Rot Hop. Death Grips, The Money Store.

The day I eventually dared to wade into overflowing inbox to extract and download Death Grips' Epic Records debut The Money Store (legally, of course) just so happened to be the very same day that my withering iTunes finally conked out. Coincidence? Perhaps not – this lumbering hunk of electronic had been puking up error messages for yonkers but such notion may add a certain impact to this here intro, whilst simultaneously elucidating the aural devastation located within this heap of impeccably heady hip hop. Now extradited to the outhouse that is the external harddrive like the discographic incarnation of rotten and bloodied-gummed psychotic Rottweiler it bloody well is, the time has come to inflict further trauma on ye olde MacBook and tackle the terrors of The Money Store.

Last year there was one LP that set every mouth to uncontrollably froth; every tongue to hyperbolically wag like furious docked tail; every world to giddily rock. It was martial masterpiece and although sharing few sonic nuances with The Money Store – if both may be entrenched in varying aspects of conflict – it'd appear that the experimental Sacramento avant-gardists are to emulate the universal laudation that Let England Shake was rightfully afforded consistently and continually throughout 2011. Reviews have been extravagant (if momentarily perhaps a little exaggerated), heralding the trio as torchbearers of blinding vitriol; the saviours of this, that, and the acerbic and although nigh on every opinion appears united, The Money Store is conversely the sort of caustic horror to spark, rather than slam any which warfare as PJ Harvey sought to do.

The primary strength of The Money Store is in its retention of the corrosive acidity which ensured their punk-rap prototype Exmilitary scorched itself into a more popular culture than anyone may have previously hazarded to conceive. The schizo reverbs and classic kick drum propulsions of Blackjack or the tribalistic unintelligence of Fuck That prove cases in point. However husky MC Stefan Burnett's deadly grunting and growling is here offset by undertones that may be more attuned to smooth glides across FM airwaves: beyond the snarl-lipped spits are humongous tunes; hits almost. Recent single The Fever (Aye Aye) for instance features quite dramatic rhythmic bludgeon that's alloyed with a strangely inviting industrialism and propelled by a devastating synth hook sharp enough to claw out four front teeth. It could arguably emulate the unforeseen successes of Azealia Banks' unabashedly explicit, full-frontal crossover thump 212 and if Banks already cashed in her most valuable asset then Death Grips are sitting on an account that's bulging with blockbusters: Hacker, for one, sounds like Drop It Like It's Hot were its inner workings infiltrated by Modeselektor, Burnett slurring of wanting "to break ina Apple Store". That the vox to its humongous chorus recall those of Datarock on ecstatic intoxicants only enhances its kooky charm, whilst the quick-witted garble of Get Got flitters manically between West Coast cruise and frenzied gurn that's perpetuated by skittering hi-hats and lubricated by a glimmering synth sheen.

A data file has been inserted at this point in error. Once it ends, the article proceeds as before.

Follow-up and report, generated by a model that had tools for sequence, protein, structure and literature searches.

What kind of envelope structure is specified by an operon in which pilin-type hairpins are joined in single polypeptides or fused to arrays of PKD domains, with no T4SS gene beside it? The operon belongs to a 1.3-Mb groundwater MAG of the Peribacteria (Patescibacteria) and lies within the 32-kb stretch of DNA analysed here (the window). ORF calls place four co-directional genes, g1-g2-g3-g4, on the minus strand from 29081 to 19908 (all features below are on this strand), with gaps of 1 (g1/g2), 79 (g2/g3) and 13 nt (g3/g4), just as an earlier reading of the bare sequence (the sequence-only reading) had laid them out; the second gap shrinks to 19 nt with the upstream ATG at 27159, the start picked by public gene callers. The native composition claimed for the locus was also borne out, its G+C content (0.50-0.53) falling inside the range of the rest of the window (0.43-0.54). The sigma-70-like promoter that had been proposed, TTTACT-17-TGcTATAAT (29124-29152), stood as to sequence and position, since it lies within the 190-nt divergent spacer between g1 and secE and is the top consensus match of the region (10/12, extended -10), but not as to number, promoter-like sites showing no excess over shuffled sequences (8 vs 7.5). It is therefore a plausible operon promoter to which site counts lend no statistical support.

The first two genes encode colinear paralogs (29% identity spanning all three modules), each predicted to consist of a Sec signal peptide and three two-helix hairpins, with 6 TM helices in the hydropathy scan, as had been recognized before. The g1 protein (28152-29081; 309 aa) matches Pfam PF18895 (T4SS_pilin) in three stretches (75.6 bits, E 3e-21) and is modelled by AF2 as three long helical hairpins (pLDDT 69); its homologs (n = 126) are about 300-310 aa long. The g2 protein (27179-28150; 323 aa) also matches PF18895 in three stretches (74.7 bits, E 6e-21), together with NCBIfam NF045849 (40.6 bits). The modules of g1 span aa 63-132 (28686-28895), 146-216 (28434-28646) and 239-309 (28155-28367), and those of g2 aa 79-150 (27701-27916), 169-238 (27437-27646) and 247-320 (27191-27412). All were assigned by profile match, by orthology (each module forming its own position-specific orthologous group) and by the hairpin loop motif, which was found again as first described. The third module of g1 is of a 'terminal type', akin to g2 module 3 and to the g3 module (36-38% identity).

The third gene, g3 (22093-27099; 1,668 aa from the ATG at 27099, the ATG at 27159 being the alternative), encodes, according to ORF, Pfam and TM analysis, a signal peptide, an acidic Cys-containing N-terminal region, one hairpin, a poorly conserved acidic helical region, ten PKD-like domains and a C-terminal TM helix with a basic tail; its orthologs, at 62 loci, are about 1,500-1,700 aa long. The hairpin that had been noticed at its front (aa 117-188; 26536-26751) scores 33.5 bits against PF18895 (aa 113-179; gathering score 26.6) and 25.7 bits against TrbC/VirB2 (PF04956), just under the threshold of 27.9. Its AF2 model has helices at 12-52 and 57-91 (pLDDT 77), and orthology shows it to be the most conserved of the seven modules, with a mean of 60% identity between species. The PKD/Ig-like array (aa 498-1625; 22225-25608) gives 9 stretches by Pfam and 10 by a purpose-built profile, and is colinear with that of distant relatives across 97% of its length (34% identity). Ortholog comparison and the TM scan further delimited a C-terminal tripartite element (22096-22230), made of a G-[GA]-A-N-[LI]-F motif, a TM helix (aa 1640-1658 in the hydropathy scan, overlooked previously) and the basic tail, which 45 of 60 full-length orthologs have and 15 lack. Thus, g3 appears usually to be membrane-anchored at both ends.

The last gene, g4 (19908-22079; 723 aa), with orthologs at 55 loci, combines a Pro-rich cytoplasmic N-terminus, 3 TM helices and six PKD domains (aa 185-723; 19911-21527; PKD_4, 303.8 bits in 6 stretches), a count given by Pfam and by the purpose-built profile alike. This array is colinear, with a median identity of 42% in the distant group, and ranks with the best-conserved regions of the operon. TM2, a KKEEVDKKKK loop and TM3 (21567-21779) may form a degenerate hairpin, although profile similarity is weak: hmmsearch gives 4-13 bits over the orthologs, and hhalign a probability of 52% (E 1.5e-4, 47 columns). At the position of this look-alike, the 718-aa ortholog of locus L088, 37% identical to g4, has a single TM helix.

In its latter stages The Money Store invests in the mixtape aesthetic that's oh-so-voguish contemporarily: siren-driven electro disco pummel redolent of MC Hammer is provided by I've Seen Footage; Lost Boys is cosmic menace to soundtrack space-age sitcom not yet envisaged; Punk Weight unites glitchcore with Auto-Tuned Bollywood infusions and Burnett's stereotypically savage vocal rampage. And if it may superficially seem like the sort of record a general public may love to hate, it'd seem that it's more love the hate. For it's already almost entirely assured of endless top spots come the inevitable year-end lists, yet if The Money Store could clamber to the pinnacle of the album chart, dictating indignation from lofty vantage point music and our concept of would surely be altered to irrevocable extent, and would be done so most probably for the better. The so-called torchbearers could then really kick up the fire to let the flames break loose...